THERE is another, perhaps more compelling evidence — among the many I’ve presented in the past three columns — that the Joseph Estrada administration promised the Chinese that it would pull out what its Navy had deliberately grounded on Ayungin Shoal which served as its claim of sovereign rights in that disputed area.
He actually ordered the removal of a second grounded vessel at a more strategic disputed site, Scarborough Shoal.
Estrada when he assumed power in June 1998, was compelled to demonstrate his nationalist credentials, having made nationalism one of his advocacies, and especially since nationalist organizations (read: communist fronts) backed his run for the country’s highest post. He declared in late 1998: “If the Chinese are building structures, then we may as well put up our own structures.”
However, after he made the order, he was told by his officials that the Philippines doesn’t have the kind of money to build structures in the Kalayaan Island Group, which would cost billions of dollars. His Navy’s top brass proposed what they thought was a clever solution: deliberately grounding World War 2-vintage landing ship tanks (LST) in the shallow disputed shoals since these, as then Navy head Ferdinand Golez said, “would hit rock bottom, and never sink.”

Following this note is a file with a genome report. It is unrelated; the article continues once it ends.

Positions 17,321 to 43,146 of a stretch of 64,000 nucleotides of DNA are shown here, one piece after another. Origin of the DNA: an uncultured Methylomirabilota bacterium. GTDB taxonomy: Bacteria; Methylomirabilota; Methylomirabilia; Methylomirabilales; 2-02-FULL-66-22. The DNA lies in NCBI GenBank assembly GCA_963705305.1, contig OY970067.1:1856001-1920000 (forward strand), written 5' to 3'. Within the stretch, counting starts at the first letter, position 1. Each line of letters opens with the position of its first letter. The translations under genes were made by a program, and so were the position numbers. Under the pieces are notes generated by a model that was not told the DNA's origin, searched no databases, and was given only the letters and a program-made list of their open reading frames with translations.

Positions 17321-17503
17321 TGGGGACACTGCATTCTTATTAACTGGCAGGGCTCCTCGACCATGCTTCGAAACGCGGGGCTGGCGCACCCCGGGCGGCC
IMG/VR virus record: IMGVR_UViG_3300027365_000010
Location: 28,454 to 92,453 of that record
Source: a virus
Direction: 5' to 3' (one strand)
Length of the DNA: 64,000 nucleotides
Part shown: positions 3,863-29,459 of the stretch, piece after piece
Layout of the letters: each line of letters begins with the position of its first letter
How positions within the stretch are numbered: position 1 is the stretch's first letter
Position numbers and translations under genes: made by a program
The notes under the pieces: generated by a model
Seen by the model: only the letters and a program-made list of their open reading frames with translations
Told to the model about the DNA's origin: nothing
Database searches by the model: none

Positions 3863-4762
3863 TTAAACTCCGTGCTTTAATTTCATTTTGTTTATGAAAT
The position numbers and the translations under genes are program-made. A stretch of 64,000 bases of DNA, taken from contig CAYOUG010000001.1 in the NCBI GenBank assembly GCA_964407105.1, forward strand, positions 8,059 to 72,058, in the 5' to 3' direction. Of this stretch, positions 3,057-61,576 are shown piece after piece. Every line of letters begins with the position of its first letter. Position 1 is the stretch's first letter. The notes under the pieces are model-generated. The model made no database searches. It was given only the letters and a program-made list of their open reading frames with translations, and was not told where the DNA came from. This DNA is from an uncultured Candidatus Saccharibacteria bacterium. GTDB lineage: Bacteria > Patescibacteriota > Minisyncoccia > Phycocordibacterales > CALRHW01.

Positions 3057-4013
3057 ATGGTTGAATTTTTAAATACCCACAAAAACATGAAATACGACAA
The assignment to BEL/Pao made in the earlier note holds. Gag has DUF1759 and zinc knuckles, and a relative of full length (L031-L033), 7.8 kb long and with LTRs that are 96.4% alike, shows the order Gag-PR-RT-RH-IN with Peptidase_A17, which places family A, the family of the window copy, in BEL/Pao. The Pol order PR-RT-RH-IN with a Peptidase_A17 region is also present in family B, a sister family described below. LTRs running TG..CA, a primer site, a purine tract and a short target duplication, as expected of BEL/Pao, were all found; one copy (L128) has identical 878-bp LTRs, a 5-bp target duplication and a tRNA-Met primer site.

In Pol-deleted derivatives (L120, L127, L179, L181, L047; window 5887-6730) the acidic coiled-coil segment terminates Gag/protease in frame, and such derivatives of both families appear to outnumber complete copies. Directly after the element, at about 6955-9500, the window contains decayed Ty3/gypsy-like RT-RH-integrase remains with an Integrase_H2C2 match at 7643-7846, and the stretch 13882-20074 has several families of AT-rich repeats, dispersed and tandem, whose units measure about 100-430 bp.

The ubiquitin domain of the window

The Navy ran aground two “sister” LSTs — built in the same shipyard in the US in 1944 — in two disputed areas. The BRP (Barko ng Republika ng Pilipinas) Sierra Madre was deliberately grounded in Ayungin Shoal (Second Thomas) and the BRP Benguet near Scarborough Shoal in May 1999.
Gregory Poling, who directs the US-funded Southeast Asia Program and Asia Maritime Transparency Initiative at the Center for Strategic and International Studies, wrote in his 2023 book “On Dangerous Ground”: ” When the Chinese government demanded that the ship be removed, President Estrada, feigning ignorance, promised to tow the vessel away as soon as it could be safely floated off the reef. But it was an act. The whole idea had come from senior leadership, particularly Philippine Navy chief Eduardo Santos.”
While Estrada did not remove the BRP Sierra Madre, he ordered the BRP Benguet, which was grounded in Scarborough Shoal, to be immediately towed away. Poling wrote: “Within a month, the government back-pedaled, and the navy was ordered to remove the ship. They hired a Malaysian tugboat to pull it off the reef and let rumors spread that the BRP Benguet had accidentally run aground after colliding with some Chinese fishing boats.”
An earlier book, a 2017 scholarly but pro-US anthology “Countering Coercion in Maritime Asia,” in its section titled “Case 6: Second Thomas Shoal Incident” had the same narrative:
“On May 9, 1999, the BRP Sierra Madre was deliberately grounded on the northwest rim of Second Thomas Shoal. A second Philippine tank landing ship, the BRP Benguet was simultaneously run aground 350 nautical miles to the northeast on Scarborough Shoal, another disputed reef. Chinese officials have repeatedly claimed Manila argued at the time that its vessels were grounded due to malfunction.